eastwind journals
By Bernie V. Lopez,
Freelance blogger, retired columnist Philippine Daily Inquirer


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Back in the days when I was an active journalist, I went to Southern Leyte on a tourism research study. And I stumbled on a treasure of stories beyond tourism that would deserve a National Geographic article. Call it serendipity, the ability to “accidentally” stumble on magical experiences and fantastic people and places. Serendipity is a precious psychic gift which defies logic.




Although this happened about 30 years ago, to respect the privacy of people, I will not reveal names and places. I met this mayor (let us call him Ricky) who was the object of my serendipity. He served me dried shark fins fried to a crisp with garlic fried rice for breakfast. The shark fins had this supreme taste beyond those I have tasted in my entire life. Mayor Ricky bought the dried shark fins from fishermen. I asked him to introduce me to a fisherman.


Thus, I met Mang Isko, a lean mean marine veteran in his 50s. He told me dolphins regularly passed through their fishing grounds, the strait between Southern Leyte and Limasawa, which was notorious for strong currents, squalls and sunken vessels. He told me about two fishermen on a pump-boat whose motor conked out, stranded for hours. A dolphin approached and towed them to shore. I said the story was hard to believe. He simply smiled and told me more stories of such rescues, and even dared me to talk to the fishermen themselves.


I had no time and resources to look for those fishermen, but after talking to fisher-folk along the shore, I got the same story. An old man said the stories were legends from their ancestors from the deep ancient past.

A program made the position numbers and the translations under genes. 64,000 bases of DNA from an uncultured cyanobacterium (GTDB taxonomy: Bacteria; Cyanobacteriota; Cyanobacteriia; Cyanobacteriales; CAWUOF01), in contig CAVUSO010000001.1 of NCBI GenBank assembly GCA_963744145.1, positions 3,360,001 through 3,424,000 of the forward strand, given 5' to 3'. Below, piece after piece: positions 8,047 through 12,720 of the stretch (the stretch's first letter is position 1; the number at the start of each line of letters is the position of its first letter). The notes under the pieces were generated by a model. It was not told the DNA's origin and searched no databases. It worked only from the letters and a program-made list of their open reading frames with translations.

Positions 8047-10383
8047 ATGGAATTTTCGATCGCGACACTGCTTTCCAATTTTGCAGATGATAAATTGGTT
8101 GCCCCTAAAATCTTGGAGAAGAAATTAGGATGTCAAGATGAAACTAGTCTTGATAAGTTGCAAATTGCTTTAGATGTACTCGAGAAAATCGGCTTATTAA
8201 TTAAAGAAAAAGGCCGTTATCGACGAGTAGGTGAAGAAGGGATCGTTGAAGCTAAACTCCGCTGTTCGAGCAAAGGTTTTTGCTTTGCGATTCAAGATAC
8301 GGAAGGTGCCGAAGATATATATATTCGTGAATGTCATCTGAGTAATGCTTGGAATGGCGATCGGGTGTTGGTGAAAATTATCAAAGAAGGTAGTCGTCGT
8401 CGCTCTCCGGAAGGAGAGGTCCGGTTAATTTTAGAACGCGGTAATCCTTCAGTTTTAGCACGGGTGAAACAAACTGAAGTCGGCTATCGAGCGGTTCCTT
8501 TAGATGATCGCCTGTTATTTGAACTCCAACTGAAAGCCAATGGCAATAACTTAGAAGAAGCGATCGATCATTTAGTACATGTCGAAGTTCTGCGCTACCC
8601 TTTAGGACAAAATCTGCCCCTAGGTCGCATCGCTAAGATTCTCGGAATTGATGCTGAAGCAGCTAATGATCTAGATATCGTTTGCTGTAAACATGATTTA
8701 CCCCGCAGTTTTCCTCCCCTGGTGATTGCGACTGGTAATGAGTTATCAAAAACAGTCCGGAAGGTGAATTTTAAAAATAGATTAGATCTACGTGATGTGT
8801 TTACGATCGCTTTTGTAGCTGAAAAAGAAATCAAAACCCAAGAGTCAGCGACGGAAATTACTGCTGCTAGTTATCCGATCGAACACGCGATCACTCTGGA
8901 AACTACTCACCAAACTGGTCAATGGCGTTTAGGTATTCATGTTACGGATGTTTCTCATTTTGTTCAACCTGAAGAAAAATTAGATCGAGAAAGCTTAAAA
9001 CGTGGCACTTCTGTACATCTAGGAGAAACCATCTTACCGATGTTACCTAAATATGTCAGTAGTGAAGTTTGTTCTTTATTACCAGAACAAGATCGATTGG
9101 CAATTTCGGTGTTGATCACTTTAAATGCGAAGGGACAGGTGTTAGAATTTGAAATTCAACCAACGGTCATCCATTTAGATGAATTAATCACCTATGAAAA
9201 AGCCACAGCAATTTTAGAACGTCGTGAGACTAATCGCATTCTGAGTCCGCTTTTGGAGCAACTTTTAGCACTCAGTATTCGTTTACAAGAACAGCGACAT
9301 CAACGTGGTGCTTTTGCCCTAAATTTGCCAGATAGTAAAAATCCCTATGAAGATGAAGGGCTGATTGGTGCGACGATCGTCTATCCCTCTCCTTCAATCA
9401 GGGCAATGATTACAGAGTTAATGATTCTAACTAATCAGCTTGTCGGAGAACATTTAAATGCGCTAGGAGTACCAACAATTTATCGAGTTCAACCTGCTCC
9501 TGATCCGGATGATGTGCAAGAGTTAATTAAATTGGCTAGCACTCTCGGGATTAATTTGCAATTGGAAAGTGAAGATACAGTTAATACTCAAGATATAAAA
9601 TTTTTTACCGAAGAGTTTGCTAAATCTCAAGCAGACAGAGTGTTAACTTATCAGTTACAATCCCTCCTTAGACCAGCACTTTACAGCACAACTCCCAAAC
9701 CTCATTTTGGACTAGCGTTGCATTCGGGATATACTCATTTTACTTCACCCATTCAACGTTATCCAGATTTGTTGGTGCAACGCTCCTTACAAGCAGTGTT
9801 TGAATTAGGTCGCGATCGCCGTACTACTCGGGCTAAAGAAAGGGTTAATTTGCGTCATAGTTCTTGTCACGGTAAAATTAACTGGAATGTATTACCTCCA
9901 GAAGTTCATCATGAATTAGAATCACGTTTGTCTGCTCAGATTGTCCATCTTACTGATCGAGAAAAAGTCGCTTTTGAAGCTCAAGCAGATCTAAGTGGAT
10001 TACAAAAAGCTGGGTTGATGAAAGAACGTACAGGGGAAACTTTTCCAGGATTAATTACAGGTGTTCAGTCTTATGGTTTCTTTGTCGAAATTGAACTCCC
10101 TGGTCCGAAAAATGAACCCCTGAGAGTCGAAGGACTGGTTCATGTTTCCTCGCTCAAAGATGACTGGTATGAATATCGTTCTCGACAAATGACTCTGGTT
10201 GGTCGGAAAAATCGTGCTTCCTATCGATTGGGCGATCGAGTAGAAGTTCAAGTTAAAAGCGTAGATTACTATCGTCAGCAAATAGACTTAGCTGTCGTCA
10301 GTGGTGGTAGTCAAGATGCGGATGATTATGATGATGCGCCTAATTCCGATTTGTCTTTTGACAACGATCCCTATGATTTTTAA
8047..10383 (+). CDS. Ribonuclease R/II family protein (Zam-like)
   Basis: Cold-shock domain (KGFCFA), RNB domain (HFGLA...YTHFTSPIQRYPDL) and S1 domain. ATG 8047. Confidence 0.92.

The Esqualine story started from a visit by a Japanese, who hired a fisherman to look for the mini-shark, whose fins I had for breakfast. Somehow, he knew, from books perhaps, the shark thrived in the strait. After weeks of identifying where to fish, and weeks of trial and error, the fishermen developed a technique of low-tech deep-sea fishing for the elusive mini-shark. The Japanese bought only the liver of the shark, put it on ice, and gave away the entire shark to the fisherman, who was paid handsomely – 30,000 pesos, quite a fortune then. And so the Japanese came regularly to buy shark liver oil from the fishermen.


Mayor Ricky interviewed the Japanese and found out about the liver oil processed in Tokyo into Esqualine, the wonder drug for the Japanese. He had a plan to make and export the Esqualine himself. It was a certain rare species of a miniature shark, adult size about 4 feet, from which Esqualine was derived. Mayor Ricky, the adventurous entrepreneur, invested on the expensive shark fishing to obtain the fish oil. He developed a low-tech liver extraction process using slow heat from the sun and from ovens. He acquired gels from Manila for capsuling the oil. He succeeded to export his Esqualine, but after a while, the Japanese importers stopped buying. They said he had to remove the ‘fish smell’ in the capsule, which consumers did not like. Finally, Mayor Ricky gave up because extracting the smell out was a highly technical chemical process which involved rare expensive imported re-agents. Nice try, Mayor, but no go.




The ingenious technique developed by the fishermen to fish for the mini-shark was a story in itself. They had a long line which took three hours to reach the bottom of the sea, even with a heavy sinker. The line branched into about 5 to 7 hooks. It would take the shark hours to take the bait. The fishermen would take them more than three hours to bring the heavy shark up. Catching a shark would take around 12 to 15 hours, if they were lucky to catch one. But it was all worth it for 30,000 pesos, which they could not earn from weeks of traditional fishing.


The Japanese I never met, Mayor Ricky, and Mang Isko were three real characters from real life that I stumbled on and never forgot. I write from memory, no notes, no photos, this story that happened about 30 years ago. One never forgets such magical stories drawn from serendipity.


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